My Son, My Son, What Have Ye Done? -- Film Review

Benjamin Walker
Jason Kempin/Getty Images

NEW YORK - OCTOBER 13:  Actor Benjamin Walker attends the "Bloody Bloody Jackson" opening night after party at Brasserie 8 1/2 on October 13, 2010 in New York City.

Venice Film Festival -- Competition

VENICE -- European auteur cinema meets police procedural in "My Son, My Son, What Have Ye Done?," a small, offbeat work that looks somewhat hastily put together. It has the distinction of being the second feature directed by Werner Herzog to be screened in competition at this year's Venice Film Festival, where it competed against the director's police thriller "Bad Lieutenant: Port of Call New Orleans." In "My Son," Herzog unleashes a wilder side to tell the story of a mentally fragile young stage actor who, obsessed with a Greek tragedy he's rehearsing, kills his own mother. The story is riddled with salutes to executive producer David Lynch and the film seems pointed hopefully in the direction of Lynch's audiences.

Based on a real-life drama, the main action takes place during the police stakeout of a suburban home in San Diego, where a woman has been murdered. Detective Hank Havenhurst (Willem Dafoe) arrives on the scene and, in classic police dialogue, attempts to reason with the "suspect" Brad (Michael Shannon), who has barricaded himself inside with two hostages. The neighbors recount how they watched as he ran his mother (Grace Zabriskie) through with a sword. When his girlfriend Ingrid (Chloe Sevigny) and his director Lee Meyers (Udo Kier) arrive, they identify it as the sword he was using in rehearsals of "Orestes," the matricide classic; they then fill Hank in on Brad's gradual disconnect from reality.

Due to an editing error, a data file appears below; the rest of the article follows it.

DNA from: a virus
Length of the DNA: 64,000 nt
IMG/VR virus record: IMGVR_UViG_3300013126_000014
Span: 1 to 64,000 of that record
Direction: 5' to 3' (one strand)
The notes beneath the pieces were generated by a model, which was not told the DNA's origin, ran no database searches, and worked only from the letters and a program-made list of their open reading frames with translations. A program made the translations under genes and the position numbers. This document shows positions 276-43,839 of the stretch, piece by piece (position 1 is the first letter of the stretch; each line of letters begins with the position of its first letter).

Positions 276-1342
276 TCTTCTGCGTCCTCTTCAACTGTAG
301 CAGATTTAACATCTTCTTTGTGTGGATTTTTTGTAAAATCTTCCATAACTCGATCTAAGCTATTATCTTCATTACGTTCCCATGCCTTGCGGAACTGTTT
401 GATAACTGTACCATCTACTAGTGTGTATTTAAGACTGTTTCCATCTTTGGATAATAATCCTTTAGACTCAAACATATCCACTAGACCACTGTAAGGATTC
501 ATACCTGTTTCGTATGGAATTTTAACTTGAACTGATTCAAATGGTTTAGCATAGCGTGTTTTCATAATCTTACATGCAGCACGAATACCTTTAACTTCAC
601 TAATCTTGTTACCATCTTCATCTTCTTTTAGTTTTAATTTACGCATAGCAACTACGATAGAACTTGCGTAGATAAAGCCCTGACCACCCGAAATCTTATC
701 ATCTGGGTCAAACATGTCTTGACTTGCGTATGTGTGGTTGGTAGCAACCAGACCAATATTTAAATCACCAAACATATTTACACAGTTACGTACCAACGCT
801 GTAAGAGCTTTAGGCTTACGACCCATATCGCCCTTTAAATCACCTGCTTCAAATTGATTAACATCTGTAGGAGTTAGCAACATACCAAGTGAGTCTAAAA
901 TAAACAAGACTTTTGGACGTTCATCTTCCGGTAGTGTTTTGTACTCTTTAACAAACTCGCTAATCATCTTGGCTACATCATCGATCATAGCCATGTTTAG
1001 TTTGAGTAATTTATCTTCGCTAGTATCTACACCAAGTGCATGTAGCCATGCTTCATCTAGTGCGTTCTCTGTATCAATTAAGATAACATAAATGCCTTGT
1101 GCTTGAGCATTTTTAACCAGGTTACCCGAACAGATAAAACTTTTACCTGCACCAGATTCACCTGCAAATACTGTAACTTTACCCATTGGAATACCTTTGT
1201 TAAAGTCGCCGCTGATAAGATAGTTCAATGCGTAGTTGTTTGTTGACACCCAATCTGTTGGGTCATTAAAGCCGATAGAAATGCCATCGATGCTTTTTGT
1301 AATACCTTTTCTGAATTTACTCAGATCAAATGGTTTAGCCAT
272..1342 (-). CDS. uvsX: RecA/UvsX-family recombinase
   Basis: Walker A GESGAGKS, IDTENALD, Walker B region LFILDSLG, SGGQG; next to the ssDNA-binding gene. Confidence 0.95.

Part tongue-in-cheek send-up of American TV movies, part vintage Herzog mind-bender, the film moves unselfconsciously from pink flamingos to whitewater rafting in the mountains of Peru to what look like shots of Mongolia. Creepy touches recall early Lynch, like the toy Brad sends to the police that plays "I Was Born to Preach the Gospel," or a visit to his uncle's ostrich farm.

The American dialogue seems stilted even in the mouths of the experienced cast, but maybe that's part of Herzog's spoof on the genre. The cast is actually well blended and amusing. Though he elicits little viewer sympathy, Shannon does a convincing job of acting seriously mad in a film that is off-the-wall to begin with. Udo Kier's discourse on Greek tragedy is an appreciable extra.

Production companies: Industrial Entertainment, Absurda a David Lynch Company, Paper Street Films
Cast: Michael Shannon, Willem Dafoe, Chloe Sevigny, Udo Kier, Michael Pena, Grace Zabriskie, Brad Dourif, Irma P. Hall, Loretta Devine
Director: Werner Herzog
Screenwriters: Herbert Golder, Werner Herzog
Executive producers: David Lynch, Stian Morck, Julius Morck, Ali Rounaghi, Jeff Rice, Benji Kohn, Austin Stark, Bingo Gubelmann, Christ Papavasiliou
Producer: Eric Bassett, Ken Meyer
Director of photography: Peter Zeitlinger
Production designers: Tyson Estes, Danny Caldwell
Music: Ernst Reijseger
Costumes: Mikel Padilla
Editors: Joe Bini, Omar Daher
Sales Agent: Absurda
90 minutes